File upload vulnerability is a common security issue found in web applications. Whenever the web server accepts a file without validating it or keeping any restriction, it is considered as an unrestricted file upload.
In many web servers, the vulnerability depends entirely on its purpose, allowing a remote attacker to upload a file with malicious content. This might end up in the execution of unrestricted code in the server. File upload vulnerability can be exploited in many ways, including the usage of specially crafted multipart form-data POST requests with particular filename or mime type.
The consequences include whole system acquisition, an overloaded file system or database, diverting attacks to backend systems, and simple defamation.
Local file upload vulnerability allows an application user to upload or drop a malicious file directly into the website.
Given below is an example program that allows an attacker to upload a malicious file to an application:
Given below is the code that shows that this vulnerability can be avoided by verifying the user license:
This protection can be bypassed with some extensions (eg: double extensions) that are executable on the server but not listed. (Example files: “file.php5”, “file.shtml”,”wecome.html.fr”,“file.asa”, or “file.cer”)
When an application does not allow its users to upload a file directly and instead provides a permission to give a URL, then remote file upload vulnerability is possible. The user uploaded file is then saved into the disk in a publicly accessible directory.
After that an attacker can execute the file and gain access to the website. Once an attacker has gained access, they can compromise the restricted data or even perform denial of service attacks.
The “Tim thumb vulnerability” that has affected a huge number of plugins was a remote file upload vulnerability. In this case, the image library allowed developers a way to specify an image URL in the query string.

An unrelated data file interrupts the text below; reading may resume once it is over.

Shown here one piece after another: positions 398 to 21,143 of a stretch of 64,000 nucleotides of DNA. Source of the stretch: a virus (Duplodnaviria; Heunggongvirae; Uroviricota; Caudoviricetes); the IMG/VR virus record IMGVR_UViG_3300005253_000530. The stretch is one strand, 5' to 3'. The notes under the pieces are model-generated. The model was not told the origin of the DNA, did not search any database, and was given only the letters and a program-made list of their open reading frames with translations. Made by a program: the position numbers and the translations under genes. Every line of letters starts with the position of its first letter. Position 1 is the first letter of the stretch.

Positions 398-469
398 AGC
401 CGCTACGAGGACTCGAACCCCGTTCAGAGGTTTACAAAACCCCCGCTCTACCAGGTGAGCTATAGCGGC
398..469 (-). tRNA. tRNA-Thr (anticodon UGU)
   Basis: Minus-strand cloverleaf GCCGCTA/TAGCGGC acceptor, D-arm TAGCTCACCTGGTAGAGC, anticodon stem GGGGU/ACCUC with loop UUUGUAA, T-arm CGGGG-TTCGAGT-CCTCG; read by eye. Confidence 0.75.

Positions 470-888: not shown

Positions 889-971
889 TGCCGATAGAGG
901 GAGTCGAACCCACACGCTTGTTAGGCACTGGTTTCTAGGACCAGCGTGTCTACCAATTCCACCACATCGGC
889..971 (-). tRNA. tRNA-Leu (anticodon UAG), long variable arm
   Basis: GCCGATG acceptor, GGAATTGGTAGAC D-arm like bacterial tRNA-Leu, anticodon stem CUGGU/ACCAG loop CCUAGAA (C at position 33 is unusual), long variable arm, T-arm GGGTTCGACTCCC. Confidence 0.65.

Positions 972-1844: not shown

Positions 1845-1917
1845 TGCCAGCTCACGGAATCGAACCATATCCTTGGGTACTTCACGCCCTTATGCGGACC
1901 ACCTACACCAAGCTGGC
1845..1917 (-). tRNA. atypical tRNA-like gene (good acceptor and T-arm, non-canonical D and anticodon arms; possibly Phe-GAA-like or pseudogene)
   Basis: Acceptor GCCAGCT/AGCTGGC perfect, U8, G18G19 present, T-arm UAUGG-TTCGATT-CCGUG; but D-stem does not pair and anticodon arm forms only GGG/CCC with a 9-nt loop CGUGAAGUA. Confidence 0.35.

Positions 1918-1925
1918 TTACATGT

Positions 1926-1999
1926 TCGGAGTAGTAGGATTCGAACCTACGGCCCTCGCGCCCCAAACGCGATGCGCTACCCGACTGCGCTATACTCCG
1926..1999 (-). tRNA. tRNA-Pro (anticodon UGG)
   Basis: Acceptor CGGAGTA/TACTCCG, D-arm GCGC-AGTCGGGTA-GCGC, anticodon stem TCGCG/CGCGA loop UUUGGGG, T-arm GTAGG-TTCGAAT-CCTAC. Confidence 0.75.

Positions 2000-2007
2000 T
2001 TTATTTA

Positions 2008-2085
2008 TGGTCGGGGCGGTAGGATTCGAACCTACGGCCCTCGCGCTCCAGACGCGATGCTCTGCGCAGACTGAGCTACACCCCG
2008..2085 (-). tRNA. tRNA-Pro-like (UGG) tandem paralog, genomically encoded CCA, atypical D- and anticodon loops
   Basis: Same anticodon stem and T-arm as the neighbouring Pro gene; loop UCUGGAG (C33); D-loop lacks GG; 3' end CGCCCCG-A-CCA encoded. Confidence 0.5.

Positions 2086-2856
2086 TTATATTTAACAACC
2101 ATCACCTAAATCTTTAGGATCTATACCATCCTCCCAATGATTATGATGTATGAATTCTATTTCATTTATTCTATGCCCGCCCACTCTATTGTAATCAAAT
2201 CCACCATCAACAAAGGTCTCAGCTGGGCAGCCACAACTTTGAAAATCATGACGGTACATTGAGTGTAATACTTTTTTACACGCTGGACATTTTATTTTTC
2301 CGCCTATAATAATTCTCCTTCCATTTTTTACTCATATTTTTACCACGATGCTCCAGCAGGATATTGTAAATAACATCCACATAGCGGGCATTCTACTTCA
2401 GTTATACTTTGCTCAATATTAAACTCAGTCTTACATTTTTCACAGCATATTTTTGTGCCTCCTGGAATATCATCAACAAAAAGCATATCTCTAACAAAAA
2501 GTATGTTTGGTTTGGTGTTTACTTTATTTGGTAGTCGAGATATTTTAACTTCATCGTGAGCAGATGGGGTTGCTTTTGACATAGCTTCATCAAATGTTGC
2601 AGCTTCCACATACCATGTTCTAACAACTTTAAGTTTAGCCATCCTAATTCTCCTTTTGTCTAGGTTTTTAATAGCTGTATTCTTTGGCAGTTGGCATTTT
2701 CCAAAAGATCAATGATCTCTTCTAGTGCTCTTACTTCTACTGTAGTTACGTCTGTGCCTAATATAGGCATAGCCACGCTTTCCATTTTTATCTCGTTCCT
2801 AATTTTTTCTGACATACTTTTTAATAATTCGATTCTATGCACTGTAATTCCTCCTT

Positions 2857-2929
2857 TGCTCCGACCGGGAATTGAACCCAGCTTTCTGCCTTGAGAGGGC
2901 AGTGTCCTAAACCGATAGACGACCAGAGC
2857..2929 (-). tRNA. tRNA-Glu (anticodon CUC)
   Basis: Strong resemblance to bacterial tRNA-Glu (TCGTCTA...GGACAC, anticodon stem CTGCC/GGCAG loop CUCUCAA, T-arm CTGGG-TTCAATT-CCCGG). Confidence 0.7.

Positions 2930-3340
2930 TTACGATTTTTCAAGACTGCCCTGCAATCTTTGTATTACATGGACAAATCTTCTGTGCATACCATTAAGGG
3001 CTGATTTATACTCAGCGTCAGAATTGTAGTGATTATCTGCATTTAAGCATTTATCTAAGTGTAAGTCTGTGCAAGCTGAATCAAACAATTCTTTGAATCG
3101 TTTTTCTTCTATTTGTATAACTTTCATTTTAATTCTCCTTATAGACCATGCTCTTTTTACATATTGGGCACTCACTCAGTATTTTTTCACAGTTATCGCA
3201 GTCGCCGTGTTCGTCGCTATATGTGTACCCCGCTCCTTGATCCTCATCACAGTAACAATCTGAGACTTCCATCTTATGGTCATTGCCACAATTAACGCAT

So, TimThumb.php will download that image from the web. Attackers can manipulate the image URL and create a php file that is hosted on their website. Then Tim thumb will store the php file in the victim’s website which can be publicly accessible. This paved the way for attackers to access the php file and execute malicious scripts.
Takeover of the victim’s entire system through a server-side attack.
Files are injected through the malicious paths. So, existing critical files can be overwritten as the .htaccess file can be embedded to run specific scripts.
Inject phishing pages to discredit the web application.
File uploads may expose critical internal information in error messages such as server-internal paths.
A file upload vulnerability can be prevented by following the below mitigation techniques:
Allow only certain file extension
Set maximum file size and name length
Allow only authorized users
Make sure the fetched file from the web is an expected one
Keep your website updated
Name the files randomly or use a hash instead of user input
Block uploads from bots and scripts using captcha
Never display the path of the uploaded file